Nix lately has been reconsidering his future and planning a career as a college football coach. Bower has offered him a position as a graduate assistant, and Nix, who is studying for a master's degree in coaching, intends to begin work in the fall, after he recovers from the transplant.
In the meantime he still dreams about playing the game and fantasizes about a return. He has contemplated contacting sporting-goods manufacturers to find out if they might create a piece of protective equipment to cover the area where his new kidney will reside. He has broached the subject of a comeback with Tyrone many times. After all, Derrick says, three years ago Sean Elliott played in the NBA with a transplanted kidney. Why can't Derrick Nix play with one in the NFL in 2004? Tyrone, who admires his brother's heart, is never certain how to reply.
"After I get this transplant, if there are two or three doctors who say there is something I can wear that makes it at least 99 percent safe for me to play, I'll give it a shot," Derrick says. "It's probably just wishful thinking, but football is in my blood, and playing again is in my head."
By now the players have completed their drills and left for home, and a wash of gold illuminates the Rock. Derrick Nix is staring out at the field where on Saturdays in the fall he once was as good as it got in Hattiesburg. The great players come and go, their achievements recounted on the placards that hang in the shade under the stands of the old stadium, but the best of them are those whose example inspires others to fight on and to win when winning requires everything. Nix believes this.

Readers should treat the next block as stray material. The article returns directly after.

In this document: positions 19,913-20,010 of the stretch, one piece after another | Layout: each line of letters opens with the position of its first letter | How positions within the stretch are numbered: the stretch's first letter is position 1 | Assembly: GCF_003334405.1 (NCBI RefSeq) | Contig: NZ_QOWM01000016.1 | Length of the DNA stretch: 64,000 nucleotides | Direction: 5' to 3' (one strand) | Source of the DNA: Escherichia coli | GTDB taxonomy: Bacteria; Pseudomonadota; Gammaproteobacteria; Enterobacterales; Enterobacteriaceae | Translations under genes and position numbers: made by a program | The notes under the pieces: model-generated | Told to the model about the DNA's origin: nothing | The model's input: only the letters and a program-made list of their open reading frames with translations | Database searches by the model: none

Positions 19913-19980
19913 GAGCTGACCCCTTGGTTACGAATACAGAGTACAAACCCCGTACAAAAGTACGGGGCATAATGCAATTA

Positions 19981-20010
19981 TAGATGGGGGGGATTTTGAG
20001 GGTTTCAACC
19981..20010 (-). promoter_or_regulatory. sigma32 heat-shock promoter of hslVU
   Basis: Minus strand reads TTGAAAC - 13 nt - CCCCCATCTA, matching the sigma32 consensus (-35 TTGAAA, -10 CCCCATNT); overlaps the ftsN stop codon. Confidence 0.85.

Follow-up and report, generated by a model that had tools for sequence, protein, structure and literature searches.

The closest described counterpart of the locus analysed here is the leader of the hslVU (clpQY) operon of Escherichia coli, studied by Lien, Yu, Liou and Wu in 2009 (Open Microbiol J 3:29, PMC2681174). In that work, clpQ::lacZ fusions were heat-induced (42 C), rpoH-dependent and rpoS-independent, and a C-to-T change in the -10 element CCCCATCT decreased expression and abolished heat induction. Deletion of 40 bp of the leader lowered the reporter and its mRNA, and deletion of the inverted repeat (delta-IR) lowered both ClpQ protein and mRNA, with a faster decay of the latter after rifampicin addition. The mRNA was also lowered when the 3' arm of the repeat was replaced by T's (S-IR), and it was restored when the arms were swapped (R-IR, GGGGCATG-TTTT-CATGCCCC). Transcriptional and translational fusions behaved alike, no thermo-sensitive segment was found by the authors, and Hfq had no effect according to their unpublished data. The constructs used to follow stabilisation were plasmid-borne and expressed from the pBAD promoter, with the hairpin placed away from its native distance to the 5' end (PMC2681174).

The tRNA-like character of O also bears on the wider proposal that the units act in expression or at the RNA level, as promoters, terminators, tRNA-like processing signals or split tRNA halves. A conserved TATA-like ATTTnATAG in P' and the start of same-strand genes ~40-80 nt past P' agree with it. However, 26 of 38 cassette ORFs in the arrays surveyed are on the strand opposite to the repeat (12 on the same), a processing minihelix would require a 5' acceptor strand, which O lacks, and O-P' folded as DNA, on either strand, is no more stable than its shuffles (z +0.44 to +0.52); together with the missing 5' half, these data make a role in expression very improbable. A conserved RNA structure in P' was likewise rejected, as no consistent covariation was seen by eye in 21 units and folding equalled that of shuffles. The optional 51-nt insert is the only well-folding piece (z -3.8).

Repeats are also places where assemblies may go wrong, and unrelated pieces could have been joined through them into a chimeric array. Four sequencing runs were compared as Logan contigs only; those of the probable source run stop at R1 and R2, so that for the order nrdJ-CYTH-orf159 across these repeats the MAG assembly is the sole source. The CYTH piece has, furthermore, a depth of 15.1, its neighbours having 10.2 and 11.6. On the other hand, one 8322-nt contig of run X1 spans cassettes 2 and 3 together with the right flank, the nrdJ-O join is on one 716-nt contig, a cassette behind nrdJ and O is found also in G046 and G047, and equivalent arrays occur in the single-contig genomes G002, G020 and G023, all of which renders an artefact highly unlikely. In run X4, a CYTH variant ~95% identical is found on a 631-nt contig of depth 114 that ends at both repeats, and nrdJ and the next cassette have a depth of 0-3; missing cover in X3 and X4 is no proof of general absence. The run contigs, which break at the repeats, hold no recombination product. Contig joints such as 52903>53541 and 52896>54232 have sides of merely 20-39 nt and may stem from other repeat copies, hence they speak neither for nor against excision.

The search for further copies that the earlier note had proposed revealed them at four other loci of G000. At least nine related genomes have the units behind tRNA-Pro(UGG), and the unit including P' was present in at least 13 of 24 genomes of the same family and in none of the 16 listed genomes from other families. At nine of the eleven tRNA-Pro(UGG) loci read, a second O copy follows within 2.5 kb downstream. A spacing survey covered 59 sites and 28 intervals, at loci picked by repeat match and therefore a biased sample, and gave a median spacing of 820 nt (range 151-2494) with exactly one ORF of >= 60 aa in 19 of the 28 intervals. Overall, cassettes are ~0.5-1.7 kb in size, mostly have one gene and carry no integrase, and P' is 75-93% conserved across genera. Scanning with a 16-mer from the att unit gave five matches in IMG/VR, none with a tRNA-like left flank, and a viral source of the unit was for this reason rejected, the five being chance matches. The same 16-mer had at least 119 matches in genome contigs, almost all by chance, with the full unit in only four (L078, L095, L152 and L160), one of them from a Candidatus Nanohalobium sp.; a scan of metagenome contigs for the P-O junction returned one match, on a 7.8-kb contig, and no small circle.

"I feel that people here love me," he is saying. "I get stopped all the time on my way to class by students I've been seeing for years but who've never been introduced to me. They'll stop me and ask me how I'm doing. I never get tired of people coming up and being nice to me. I hope I don't sound like I'm bragging, but I really do think I've come to mean something to people."